But perhaps there is also hope here as well. Might the figures floating over their barbed wire doppelgängers within the data-walled vaults of the great “cathedral” be a metaphor representing the potential for technology to yet free us from the mortal constraints  imposed by our own bodies?

OpeRaAnxiety will remain at MetaLES  into the New Year.

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Everything is Lit in Second Life

A scene from Tutsy Navarathna's Death of Death?

Tout Est Allumé: a scene from Tutsy Navarathna’s Death of Death?

Second Life is a powerful medium for machinima. It caters for everything from promo videos for events, stores, and activities through to music videos, or showcasing region builds and role-play locations, etc., through to offering the perfect medium for telling narrative series and short films.

One of the great masters of machinima in Second Life is the award-winning Tutsy Navarathna. At the MetaLES art region, curated by Ux Hax and Romy Nayar (and reached via teleport from the landing point), he is presenting a special retrospective of his work.

Tout Est Allumé (“everything is lit”) is a festival of 16 of Tutsy’s films  – including the award-winning The Residents and Metaphore. The films are being shown together with 19 of his animated shorts, and a series of 3D art pieces by Yoon (Toyono) and Romy Nayar.

It’s a machinima tour de force, one which ideally requires more than one visit in order to capture everything, particularly given the display environment itself requires a little exploration. However, the effort is mote than worth it; Tutsy’s mastery of the medium and his gift for storytelling are both outstanding and guaranteed to capture your eye and mind.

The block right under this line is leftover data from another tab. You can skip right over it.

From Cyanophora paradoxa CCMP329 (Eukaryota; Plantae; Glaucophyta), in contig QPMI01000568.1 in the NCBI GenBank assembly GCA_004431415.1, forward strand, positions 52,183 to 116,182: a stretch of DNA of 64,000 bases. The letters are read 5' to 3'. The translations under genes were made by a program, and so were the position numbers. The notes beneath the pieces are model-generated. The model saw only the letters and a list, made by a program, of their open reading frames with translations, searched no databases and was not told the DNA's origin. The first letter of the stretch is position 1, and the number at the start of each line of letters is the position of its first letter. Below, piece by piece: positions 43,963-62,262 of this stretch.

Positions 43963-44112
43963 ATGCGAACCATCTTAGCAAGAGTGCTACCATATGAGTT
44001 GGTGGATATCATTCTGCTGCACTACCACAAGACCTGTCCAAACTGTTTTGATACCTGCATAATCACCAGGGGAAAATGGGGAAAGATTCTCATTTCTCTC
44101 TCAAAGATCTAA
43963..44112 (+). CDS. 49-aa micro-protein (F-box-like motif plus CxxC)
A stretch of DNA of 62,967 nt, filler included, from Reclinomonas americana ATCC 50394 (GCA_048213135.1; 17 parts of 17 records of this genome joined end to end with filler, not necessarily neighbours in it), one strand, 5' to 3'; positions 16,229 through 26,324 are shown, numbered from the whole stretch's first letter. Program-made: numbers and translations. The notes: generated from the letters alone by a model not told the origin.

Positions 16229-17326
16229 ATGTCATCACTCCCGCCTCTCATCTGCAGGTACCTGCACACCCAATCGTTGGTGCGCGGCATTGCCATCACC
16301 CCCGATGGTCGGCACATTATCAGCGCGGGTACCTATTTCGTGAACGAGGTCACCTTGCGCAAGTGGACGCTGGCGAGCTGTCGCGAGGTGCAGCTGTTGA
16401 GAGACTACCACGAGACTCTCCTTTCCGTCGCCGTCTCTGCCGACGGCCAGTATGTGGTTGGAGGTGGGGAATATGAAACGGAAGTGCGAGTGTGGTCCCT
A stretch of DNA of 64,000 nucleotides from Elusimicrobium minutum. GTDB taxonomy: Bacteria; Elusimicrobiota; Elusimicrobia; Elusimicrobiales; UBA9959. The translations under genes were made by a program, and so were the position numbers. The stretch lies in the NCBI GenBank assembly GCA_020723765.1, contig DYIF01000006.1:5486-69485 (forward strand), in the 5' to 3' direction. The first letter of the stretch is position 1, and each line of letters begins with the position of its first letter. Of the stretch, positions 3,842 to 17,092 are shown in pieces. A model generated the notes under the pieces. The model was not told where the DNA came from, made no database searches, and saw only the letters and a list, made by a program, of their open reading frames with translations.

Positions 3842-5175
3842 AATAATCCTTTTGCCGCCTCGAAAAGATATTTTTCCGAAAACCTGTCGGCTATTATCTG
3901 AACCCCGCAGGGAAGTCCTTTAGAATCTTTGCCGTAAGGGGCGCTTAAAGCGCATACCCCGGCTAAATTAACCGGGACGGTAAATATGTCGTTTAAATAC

There is just one slight technical point to note: it is recommended that the films are watched using QuickTime. However, QuickTime is no longer supported on Windows, leaving it with some potential security vulnerabilities. So, if you are a Windows user, and your viewer can’t play the videos at MetaLES, it might be preferable for you to swap to the current official viewer rather than installing QuickTime. This uses the VLC media plug-in, which will play the videos without issue (TPVs are in the process of swapping to VLC or GStreamer for Windows media support as well).

But this aside, Tout Est Allumé is an outstanding opportunity to immerse yourself in the world of one of SL’s more visionary and creative visual storytellers. Just catch The Residents, from 2013, below, to get a flavour of his work and then hop on over to MetaLES to see the rest.

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Tout Est Allumé (MetaLES, rated Moderate)

A metaphorical Tumor in Second Life

MetaLES: Tumor

MetaLES: Tumor

“This work is my acknowledgement of greed for material things of human kind which is so powerful that it is going to cost us our own existence,” Igor Ballyhoo states of his new installation, Tumor, now open at MetaLES. “This is not [an] effort to fight it, it is not made in least hope to change anything, it is just a recording of my observation of human society at this point.”

Across a flat, misted plain – reached via teleport of the region’s skyborne landing point – strange structures rise, strange cubic conifers, denuded of branches and leaves. Underfoot, square stepping-stones of brown earth vie with an oily, sludge-like morass pulsating around them, The glowing mist hovers above this, with closer examination revealing it to be sheets of a digital grid pattern which blurs this strange, almost alien landscape into a soft focus.